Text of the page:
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Immigration reform died because it's become a normal political issue

Chip Somodevilla

Comprehensive immigration reform is dead. Dead for the second time in ten years. Most likely, it's been dead for some time. But on June 30 we got official word that the GOP-controlled House won't be holding a vote on the bill the Senate passed last year, and won't be holding a vote on any different immigration reform bills either. Unauthorized migrants living in the United States and hoping for help will have to look to the limited tools available to the White House rather than the more robust options available to the United States Congress.

The specific story of how the drive for reform failed can be made complicated. But it can also be made very simple. Republicans didn't like the idea, and they control the House, so it didn't happen.

Which is to say that immigration reform hasn't so much died as become a normal issue in American politics. One party's for it, the other party's against it, so progress depends on unified partisan control of the levers of government.

Immigration used to be special

It used to be an unusual issue.

The last time immigration reform died, it was 2007 and George W. Bush was President. Robert Pear and Carl Hulse underscored the idea that reform was a Bush initiative, saying that he "placed telephone calls to lawmakers throughout the morning, but members of his party abandoned him in droves, with only 12 of the 49 Senate Republicans sticking by him on the key procedural vote that determined the bill's fate." Democrats were more supportive, but nonetheless "nearly one-third of Senate Democrats voted, in effect, to block action on the bill."

Both support for and opposition to the bill, in other words, was bipartisan. And the landscape was sufficiently murky that during the 2008 campaign not only were both Obama and his opponent John McCain officially supporters of reform, but they got into an argument over whether an amendment to the bill that Obama had supported was secretly an effort to scuttle the deal.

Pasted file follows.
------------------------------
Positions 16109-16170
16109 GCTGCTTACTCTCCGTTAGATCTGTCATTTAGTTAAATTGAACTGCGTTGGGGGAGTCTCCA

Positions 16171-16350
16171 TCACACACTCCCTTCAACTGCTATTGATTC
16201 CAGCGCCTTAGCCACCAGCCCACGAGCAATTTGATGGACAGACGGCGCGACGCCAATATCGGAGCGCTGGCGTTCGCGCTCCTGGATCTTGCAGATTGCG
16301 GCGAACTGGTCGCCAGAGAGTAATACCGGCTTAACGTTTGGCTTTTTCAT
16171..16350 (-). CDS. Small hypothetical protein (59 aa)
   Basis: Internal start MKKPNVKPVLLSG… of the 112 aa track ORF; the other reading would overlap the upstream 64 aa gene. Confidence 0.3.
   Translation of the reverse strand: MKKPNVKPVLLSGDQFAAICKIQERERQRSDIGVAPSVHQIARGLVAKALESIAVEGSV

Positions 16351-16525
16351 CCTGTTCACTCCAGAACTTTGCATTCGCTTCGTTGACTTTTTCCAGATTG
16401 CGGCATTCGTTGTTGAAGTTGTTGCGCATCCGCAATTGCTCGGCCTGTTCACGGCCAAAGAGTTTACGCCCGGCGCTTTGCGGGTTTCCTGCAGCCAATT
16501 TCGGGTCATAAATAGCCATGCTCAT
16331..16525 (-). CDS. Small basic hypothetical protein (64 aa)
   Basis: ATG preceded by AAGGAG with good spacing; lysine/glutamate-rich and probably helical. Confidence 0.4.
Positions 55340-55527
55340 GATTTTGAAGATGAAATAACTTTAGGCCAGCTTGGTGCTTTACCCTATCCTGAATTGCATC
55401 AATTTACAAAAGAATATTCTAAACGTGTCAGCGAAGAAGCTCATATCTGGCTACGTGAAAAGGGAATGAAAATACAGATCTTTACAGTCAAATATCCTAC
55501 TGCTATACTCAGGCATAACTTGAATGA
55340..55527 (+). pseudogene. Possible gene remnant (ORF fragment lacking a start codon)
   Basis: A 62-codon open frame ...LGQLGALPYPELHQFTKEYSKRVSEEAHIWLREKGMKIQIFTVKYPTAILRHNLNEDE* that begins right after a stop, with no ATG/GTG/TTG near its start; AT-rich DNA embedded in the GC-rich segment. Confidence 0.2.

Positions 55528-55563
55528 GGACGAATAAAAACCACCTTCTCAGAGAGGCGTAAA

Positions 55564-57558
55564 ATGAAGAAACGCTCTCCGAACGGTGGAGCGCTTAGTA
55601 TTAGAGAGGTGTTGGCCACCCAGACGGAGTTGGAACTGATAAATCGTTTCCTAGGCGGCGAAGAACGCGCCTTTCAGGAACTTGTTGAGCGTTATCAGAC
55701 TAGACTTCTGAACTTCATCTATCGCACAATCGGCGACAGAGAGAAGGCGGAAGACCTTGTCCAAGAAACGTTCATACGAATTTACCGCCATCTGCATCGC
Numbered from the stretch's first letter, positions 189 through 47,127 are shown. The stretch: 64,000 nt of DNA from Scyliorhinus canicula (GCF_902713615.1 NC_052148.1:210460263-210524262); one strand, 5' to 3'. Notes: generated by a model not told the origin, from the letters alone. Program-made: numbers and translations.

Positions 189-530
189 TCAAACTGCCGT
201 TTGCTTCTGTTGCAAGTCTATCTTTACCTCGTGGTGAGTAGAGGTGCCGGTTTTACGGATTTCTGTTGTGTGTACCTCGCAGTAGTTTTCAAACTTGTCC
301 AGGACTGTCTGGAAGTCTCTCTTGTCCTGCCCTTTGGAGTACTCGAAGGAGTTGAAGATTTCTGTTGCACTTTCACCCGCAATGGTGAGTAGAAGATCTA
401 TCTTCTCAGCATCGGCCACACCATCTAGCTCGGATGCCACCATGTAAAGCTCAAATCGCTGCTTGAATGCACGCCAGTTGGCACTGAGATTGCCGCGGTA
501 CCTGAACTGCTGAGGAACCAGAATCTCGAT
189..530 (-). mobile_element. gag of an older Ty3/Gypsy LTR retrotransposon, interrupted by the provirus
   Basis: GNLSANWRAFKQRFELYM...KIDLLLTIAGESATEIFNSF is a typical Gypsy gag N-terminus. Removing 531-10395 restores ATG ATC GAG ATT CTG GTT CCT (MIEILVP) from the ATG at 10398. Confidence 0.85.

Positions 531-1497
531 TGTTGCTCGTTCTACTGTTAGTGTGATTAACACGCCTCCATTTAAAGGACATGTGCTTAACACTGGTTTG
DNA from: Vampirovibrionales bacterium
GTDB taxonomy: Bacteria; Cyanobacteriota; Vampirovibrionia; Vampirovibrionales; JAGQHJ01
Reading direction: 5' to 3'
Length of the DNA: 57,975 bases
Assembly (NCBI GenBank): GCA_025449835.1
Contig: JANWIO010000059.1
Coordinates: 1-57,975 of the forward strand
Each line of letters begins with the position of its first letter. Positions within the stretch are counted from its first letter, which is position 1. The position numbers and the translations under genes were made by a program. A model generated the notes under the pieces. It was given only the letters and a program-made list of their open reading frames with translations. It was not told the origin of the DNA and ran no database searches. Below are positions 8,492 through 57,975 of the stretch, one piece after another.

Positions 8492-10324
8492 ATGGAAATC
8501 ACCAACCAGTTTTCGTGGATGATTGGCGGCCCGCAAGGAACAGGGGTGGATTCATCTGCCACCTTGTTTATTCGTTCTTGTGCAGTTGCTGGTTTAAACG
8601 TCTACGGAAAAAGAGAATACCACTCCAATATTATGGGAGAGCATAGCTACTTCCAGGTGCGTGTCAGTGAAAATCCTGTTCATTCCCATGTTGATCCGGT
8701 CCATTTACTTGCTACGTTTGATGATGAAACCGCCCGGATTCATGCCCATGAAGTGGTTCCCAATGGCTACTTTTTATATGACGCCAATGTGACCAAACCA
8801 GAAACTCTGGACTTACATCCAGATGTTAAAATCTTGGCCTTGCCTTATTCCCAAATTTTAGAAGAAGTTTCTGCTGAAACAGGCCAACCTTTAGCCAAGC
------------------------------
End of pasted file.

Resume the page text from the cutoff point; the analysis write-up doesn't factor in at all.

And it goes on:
Thus the failure of immigration reform in 2014 masks a somewhat drastic under-the-scene transformation. The 2007 iteration of immigration reform was old-school American politics, full of murky-dealmaking, cross-party alliances, regional fissures, and legislative strategies.

The new normal

The more recent iteration of immigration reform, by contrast, is simple. Democrats are for it — every single Democratic Senator voted yes on the bill that passed the upper house — and now House Republicans have clearly registered that they are against it. Not just against it as individuals, but against it as a party. The GOP is committed to using its authority over the House to block a vote, meaning that whether or not a dissident minority faction of Republicans is supportive of comprehensive reform their vote won't be counted. It's a not-uncommon procedural tactic in the American institutional setup, but it's the very essence of a fully polarized highly partisan issue.


Of course the news that America's parties are becoming better-sorted and its politics more polarized is hardly a surprise at this point. But the fact that among voters there was scarcely any gap at all on immigration 20 or even 10 years ago is striking. The non-polarized public meant that in congress, immigration was essentially an interest-group issue. Latino groups who for other reasons were aligned with Democrats pushed for reform, and so did business groups who primarily aligned with the GOP.

This is why Obama ended up largely leaving immigration on the cutting room floor, to the great disappointment of immigration advocates, during his first two years in office.

Democrats found themselves in possession of large and powerful congressional majorities, and the best use of those majorities was thought to be a focus on highly partisan issues that would unite his partisan coalition. Thus the successful pushes for health care reform and a Wall Street regulation overhaul, and the unsuccessful but very serious push for a climate change bill. Immigration was a topic ideally suited for down the road, at some time when Republicans held more sway and the time would be right for bipartisan dealmaking.

You can see what the White House was thinking. But as is often the case with political leaders, they were already behind the times.

The way forward

At the moment, the right time for bipartisan dealmaking is never. The route to a path to citizenship for unauthorized migrants is now clear — like other liberal priorities it'll happen if Democrats win a sweep election but not otherwise.

The more interesting question is what happens to Republicans. Will they simply cede the faction of the business community that's hungry for immigrant labor to the Democratic coalition? Or will they push harder for a new formula — something like the SKILLS Actthat would allow in more highly-skilled workers in exchange for slamming the door on family reunification for less-skilled (mostly Latin American) migrants even tighter — that would try to split up the existing interest group coalition for reform.

But whatever happens, it won't be special. We'll see continued trench warfare through executive action and judicial decisions as long as the legislative branches are divided. And then when one party or the other gains a breakthrough, some kind of reform will pass largely on a party-line vote.